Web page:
In summary, we found no improvement in text reporting when structured abstracts were used. Nevertheless, structured abstract use should not be abandoned since abstract reporting itself is improved using this format. Rather, our results highlight the need for a standard such as the CONSORT statement to enhance RCT text reporting.

Ad Hoc Working Group for Critical Appraisal of the Medical Literature.  A proposal for more informative abstracts of clinical articles.  Ann Intern Med.1987;106:595-604.
Haynes RB, Mulrow CD, Huth EJ, Altman DG, Gardner MJ. More informative abstracts revisited.  Ann Intern Med.1990;113:69-76.
Harcourt AM, Knecht LS, Humphreys BL. Structured abstracts in MEDLINE, 1989-1991.  Bull Med Libr Assoc.1995;83:190-195.
Froom P, Froom J. Deficiencies in structured medical abstracts.  J Clin Epidemiol.1993;46:591-594.
Taddio A, Pain T, Fassos FF, Boon H, Ilersich AL, Elnarson TR. Quality of nonstructured and structured abstracts of original research articles in the British Medical Journal, the Canadian Medical Association Journal and the Journal of the American Medical Association Can Med Assoc J.1994;150:1611-1615.
Rennie D, Glass RM. Structuring abstracts to make them more informative.  JAMA.1991;266:116-117.
Dickersin K, Scherer RW, Lefebvre C. Identification of relevant studies for systematic reviews.  BMJ.1994;309:1286-1291.
Goldberg MF. Changes in the Archives Arch Ophthalmol.1993;111:39-40.
Lichter PR. Structured abstract now required for all submissions to the journal.  Ophthalmology.1991;98:1611-1612.
Straastsma BR. Information for authors and benefits to readers.  Am J Ophthalmol.1994;117:104-105.
 Cochrane Hand Search Manual . Available at: http://hiru.mcmaster.ca/cochrane/registry/handsrch/hsmanual.htm. Updated March 25, 1996.
Begg C, Eastwood S, Horton R.  et al.  Improving the quality of reporting of randomized controlled trials.  JAMA.1996;276:637-639.
Mahon WA, Daniel EE. A method for the assessment of reports of drug trials.  Can Med Assoc J.1964;90:565-569.
DerSimonian R, Charette LJ, McPeek B, Mosteller F. Reporting on methods in clinical trials.  N Engl J Med.1982;306:1332-1337.
Grant A. Reporting clinical trials.  Br J Obstet Gynaecol.1989;96:397-400.
Moher D, Jadad AR, Tugwell P. Assessing the quality of randomized controlled trials: current issues and future directions.  Int J Technol Assess Health Care.1996;12:195-208.

Figures

Graphic Jump Location
Inclusion of Consolidated Standards of Reporting Trials (CONSORT) descriptors by journal. Data shown are percentages of all reports for all years from a single journal including individual criteria (numbered as in Table 1), grouped by category, and calculated as yes÷(yes+no) responses.

Tables

Table Graphic Jump LocationTable 1.—CONSORT Descriptor Criteria*
Table Graphic Jump LocationTable 2.—Criteria Included in Text by Journal and Structured Abstract Use or Year of Publication
Table Graphic Jump LocationTable 3.—Criteria Included in a Significantly Larger or Smaller Proportion of Reports Associated With Structured Abstracts or Later Year of Publication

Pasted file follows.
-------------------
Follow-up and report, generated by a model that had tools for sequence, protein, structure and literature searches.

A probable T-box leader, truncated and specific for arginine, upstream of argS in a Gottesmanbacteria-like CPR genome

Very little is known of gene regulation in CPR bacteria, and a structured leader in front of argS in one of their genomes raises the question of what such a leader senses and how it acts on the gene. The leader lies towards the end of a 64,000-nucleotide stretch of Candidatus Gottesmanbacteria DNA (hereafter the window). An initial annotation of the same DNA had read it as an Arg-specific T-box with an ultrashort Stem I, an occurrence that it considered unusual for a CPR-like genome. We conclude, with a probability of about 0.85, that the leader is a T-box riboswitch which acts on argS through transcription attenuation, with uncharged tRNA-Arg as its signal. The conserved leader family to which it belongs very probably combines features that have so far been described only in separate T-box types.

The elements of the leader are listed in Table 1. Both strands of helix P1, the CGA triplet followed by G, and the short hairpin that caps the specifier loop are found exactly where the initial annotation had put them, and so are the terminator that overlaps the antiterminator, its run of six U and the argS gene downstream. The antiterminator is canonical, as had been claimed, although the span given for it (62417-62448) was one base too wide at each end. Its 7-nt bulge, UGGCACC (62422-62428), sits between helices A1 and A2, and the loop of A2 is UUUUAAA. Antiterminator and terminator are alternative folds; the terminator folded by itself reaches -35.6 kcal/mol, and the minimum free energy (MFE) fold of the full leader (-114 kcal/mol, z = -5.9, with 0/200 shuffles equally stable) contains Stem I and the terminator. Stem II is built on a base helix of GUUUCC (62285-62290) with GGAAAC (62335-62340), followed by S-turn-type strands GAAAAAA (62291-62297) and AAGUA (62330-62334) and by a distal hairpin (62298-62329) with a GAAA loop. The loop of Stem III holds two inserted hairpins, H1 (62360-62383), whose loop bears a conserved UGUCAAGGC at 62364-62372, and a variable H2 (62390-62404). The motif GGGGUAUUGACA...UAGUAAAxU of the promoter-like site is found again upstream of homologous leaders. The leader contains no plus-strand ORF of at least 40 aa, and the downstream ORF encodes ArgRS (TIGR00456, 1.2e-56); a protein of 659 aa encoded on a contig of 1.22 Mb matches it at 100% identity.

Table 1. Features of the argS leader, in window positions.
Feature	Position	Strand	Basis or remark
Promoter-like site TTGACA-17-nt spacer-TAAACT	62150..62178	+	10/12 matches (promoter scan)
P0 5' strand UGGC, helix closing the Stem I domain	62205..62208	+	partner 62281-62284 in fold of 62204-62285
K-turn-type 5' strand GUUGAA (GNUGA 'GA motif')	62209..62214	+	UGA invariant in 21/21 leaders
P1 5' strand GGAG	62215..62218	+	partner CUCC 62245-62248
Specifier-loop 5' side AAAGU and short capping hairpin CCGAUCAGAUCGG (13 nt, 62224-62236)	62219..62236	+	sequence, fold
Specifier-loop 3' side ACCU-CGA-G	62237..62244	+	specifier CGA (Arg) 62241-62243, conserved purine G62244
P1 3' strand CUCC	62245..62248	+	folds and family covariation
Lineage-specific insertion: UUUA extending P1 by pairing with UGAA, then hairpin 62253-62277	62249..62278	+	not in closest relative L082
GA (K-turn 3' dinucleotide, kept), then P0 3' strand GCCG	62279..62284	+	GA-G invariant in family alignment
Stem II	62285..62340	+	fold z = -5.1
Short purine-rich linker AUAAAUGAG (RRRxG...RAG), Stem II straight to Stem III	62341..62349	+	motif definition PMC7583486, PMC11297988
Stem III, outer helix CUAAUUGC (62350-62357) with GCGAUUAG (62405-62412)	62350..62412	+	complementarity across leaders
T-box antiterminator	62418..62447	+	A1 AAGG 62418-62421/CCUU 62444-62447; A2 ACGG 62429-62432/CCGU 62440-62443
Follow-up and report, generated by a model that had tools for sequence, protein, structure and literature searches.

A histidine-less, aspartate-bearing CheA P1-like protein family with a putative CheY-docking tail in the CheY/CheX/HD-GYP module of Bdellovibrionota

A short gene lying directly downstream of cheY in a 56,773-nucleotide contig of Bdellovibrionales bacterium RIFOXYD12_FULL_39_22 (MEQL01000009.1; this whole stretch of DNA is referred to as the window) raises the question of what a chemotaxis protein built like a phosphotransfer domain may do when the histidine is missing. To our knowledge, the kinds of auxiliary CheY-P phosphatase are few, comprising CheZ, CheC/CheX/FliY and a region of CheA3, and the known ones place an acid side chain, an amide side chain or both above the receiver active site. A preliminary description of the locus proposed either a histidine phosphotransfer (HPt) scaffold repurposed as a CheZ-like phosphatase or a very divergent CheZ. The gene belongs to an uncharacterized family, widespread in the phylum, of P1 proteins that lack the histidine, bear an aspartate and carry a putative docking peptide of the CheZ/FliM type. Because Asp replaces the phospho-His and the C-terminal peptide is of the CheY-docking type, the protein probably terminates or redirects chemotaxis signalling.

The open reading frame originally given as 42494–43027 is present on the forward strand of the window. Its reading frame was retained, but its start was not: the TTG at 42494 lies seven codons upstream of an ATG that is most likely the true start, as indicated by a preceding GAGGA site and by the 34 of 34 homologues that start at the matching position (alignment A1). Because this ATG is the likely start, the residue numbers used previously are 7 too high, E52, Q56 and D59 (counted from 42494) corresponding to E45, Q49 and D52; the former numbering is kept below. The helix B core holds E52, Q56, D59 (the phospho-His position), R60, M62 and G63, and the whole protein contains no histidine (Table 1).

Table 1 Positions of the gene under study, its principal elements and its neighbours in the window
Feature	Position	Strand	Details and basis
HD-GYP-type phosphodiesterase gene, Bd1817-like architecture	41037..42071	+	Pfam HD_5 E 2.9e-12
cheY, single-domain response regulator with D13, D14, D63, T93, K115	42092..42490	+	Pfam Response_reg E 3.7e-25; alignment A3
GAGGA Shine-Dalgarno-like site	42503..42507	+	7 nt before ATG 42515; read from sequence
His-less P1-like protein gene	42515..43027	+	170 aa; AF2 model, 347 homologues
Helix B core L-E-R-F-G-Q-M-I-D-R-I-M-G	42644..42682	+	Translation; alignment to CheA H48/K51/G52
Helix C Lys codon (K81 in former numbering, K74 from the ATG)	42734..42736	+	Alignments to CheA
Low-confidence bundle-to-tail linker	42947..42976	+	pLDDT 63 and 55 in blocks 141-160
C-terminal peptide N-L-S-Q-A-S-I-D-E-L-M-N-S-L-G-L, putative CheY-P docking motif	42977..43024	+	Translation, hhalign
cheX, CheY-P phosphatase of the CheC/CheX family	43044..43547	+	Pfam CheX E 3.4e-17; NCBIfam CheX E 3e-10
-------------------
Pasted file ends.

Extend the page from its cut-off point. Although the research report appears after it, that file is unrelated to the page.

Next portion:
References

Ad Hoc Working Group for Critical Appraisal of the Medical Literature.  A proposal for more informative abstracts of clinical articles.  Ann Intern Med.1987;106:595-604.
Haynes RB, Mulrow CD, Huth EJ, Altman DG, Gardner MJ. More informative abstracts revisited.  Ann Intern Med.1990;113:69-76.
Harcourt AM, Knecht LS, Humphreys BL. Structured abstracts in MEDLINE, 1989-1991.  Bull Med Libr Assoc.1995;83:190-195.
Froom P, Froom J. Deficiencies in structured medical abstracts.  J Clin Epidemiol.1993;46:591-594.
Taddio A, Pain T, Fassos FF, Boon H, Ilersich AL, Elnarson TR. Quality of nonstructured and structured abstracts of original research articles in the British Medical Journal, the Canadian Medical Association Journal and the Journal of the American Medical Association Can Med Assoc J.1994;150:1611-1615.
Rennie D, Glass RM. Structuring abstracts to make them more informative.  JAMA.1991;266:116-117.
Dickersin K, Scherer RW, Lefebvre C. Identification of relevant studies for systematic reviews.  BMJ.1994;309:1286-1291.
Goldberg MF. Changes in the Archives Arch Ophthalmol.1993;111:39-40.
Lichter PR. Structured abstract now required for all submissions to the journal.  Ophthalmology.1991;98:1611-1612.
Straastsma BR. Information for authors and benefits to readers.  Am J Ophthalmol.1994;117:104-105.
 Cochrane Hand Search Manual . Available at: http://hiru.mcmaster.ca/cochrane/registry/handsrch/hsmanual.htm. Updated March 25, 1996.
Begg C, Eastwood S, Horton R.  et al.  Improving the quality of reporting of randomized controlled trials.  JAMA.1996;276:637-639.
Mahon WA, Daniel EE. A method for the assessment of reports of drug trials.  Can Med Assoc J.1964;90:565-569.
DerSimonian R, Charette LJ, McPeek B, Mosteller F. Reporting on methods in clinical trials.  N Engl J Med.1982;306:1332-1337.
Grant A. Reporting clinical trials.  Br J Obstet Gynaecol.1989;96:397-400.
Moher D, Jadad AR, Tugwell P. Assessing the quality of randomized controlled trials: current issues and future directions.  Int J Technol Assess Health Care.1996;12:195-208.